On that night I died and woke up the next day

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And I have done it again. The days counted revert to none. And just like that, I go by zero day after day. Every step I took in the days I counted, I stepped on again backwards like a retrograde had pulled my body in a force where the things I gained, I lost—and the things I let go of, I possessed once again.

One Thursday night, just before the clock struck midnight, I was standing in the “men’s hygiene” isle at a 24/7 drugstore near my apartment, looking for a razor. I scoured through the shelves only to find ones that have handles in them, typically used to rid bodies of undesired hair and dead skin. 

But the one I wanted the most, the familiar companion I once promised I would never meet again, is out of stock. 

I was in no place to talk, but I was desperate. I approached the lady working that night with my tongue struggling to pronounce every word uttered. 

“Out of stock,” she said. 

I wanted to ask: “When will you restock?” But instead, I turned my back on her, walked past the “men’s hygiene” section, and left without having razors scanned at the cashier’s. 

As I stood on the empty street, I knew that in that drugstore, behind the pharmacists’ counter on the medicine section at the far end, there is a drug that could help me with my own “bell jar.” Instead, I crossed the street to the convenience store on the opposite side, finding what my fingers once held on to. 

I checked out four bottles of Smirnoff mules and one pencil sharpener. I also asked the cashier for a pack of Marlboro blue displayed behind her, despite how expensive they have become since the last time I smoked. 

My non-prescription medicine was bought at a random night in a convenience store. No fuss. Quick and easy. And just like that, I was back to my old habits I thought I bid farewell to. 

I knew I needed help. I realized that on my third time consecutively reading Sylvia Plath’s The Bell Jar. 

Here is a battle I fought silently and repeatedly. And here is a bottle I sought for, in hopes of absolution. 

On that night, I died and woke up the next day.

Being able to write about that night in this moment may mean that I have won before. But I also fear that as I age, I get weaker and weaker. Until finally, it catches up and it would mean that all this time, I was meant to lose in the end.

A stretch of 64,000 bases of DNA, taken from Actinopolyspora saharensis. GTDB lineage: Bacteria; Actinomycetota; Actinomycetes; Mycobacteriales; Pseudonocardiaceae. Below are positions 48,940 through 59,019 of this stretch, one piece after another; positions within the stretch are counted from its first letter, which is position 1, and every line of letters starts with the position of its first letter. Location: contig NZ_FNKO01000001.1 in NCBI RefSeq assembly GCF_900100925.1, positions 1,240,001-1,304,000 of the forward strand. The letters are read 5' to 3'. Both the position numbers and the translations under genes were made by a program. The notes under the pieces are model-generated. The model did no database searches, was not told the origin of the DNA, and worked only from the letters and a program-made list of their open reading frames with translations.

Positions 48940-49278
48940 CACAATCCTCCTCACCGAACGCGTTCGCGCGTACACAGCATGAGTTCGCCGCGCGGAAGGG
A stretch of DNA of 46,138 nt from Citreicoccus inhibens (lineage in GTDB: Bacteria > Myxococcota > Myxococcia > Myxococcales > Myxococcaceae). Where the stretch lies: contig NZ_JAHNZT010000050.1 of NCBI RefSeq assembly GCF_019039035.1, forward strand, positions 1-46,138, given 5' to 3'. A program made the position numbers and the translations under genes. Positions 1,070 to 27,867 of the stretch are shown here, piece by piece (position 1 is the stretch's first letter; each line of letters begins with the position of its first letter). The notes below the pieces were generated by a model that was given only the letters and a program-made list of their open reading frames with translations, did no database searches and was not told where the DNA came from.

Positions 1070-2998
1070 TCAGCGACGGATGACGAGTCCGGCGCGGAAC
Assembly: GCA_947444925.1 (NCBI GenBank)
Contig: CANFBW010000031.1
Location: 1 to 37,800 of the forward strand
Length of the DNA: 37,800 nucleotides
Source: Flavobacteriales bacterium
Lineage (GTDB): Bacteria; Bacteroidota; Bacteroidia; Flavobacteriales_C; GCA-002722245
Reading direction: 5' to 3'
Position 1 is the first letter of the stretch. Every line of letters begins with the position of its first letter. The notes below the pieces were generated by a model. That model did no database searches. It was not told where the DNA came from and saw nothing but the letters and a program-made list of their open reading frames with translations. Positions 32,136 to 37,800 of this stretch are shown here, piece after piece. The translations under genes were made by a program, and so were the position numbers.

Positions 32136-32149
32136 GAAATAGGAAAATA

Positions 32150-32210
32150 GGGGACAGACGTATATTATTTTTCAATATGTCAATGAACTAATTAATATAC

It could mean that my “bell jar” stay closed. The roses had gone rotten. The butterfly—one flick and everything turns to ash. 

At 11, I built my own bell jar, on the same night I was scolded by my parents for not passing the entrance exam of a science high school. I slept that night wishing there would be no tomorrow to wake up to. My head surrendered deep into a pillow, soiled of bitter tears. 

I prayed to God his kindest of sparing me a little life. I begged God for a perpetual salvation. And on that night, I died for the first time and woke up the next day. 

That was the first of many laps, and it certainly was not the last. For most nights, I pray to not wake up the next day, and I held solace from the thought of abandoning this flesh I face in the mirror—the very body my soul occupies. 

It has been 11 years. I am 22 as of this writing. Through the years, nothing had changed. Only a bit. Nothing new but the pain getting fainter yet more profound at the same time. 

I wish I had an inspiring message that came out of my experience with depression, but this is ugly truth I had to face daily, and nothing could change the harshness of it. 

All of it is because in those nights I uttered the same prayers, something in me had died. And I wake up in the morning, rising from ashes and tears more bitter than a gin. Since then, my life had become a redundant allegory to Lazarus, the saint who rose from the dead. 

In each night, I die and wake up the next day, only to die more—one night at a time. 

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Patrick V. Miguel
Patrick V. Miguel
Patrick V. Miguel, 22, is a writer and a journalist. He has a BA in Literature from the University of Santo Tomas, and won 1st place for essay in the 38th Gawad Ustetika Awards.


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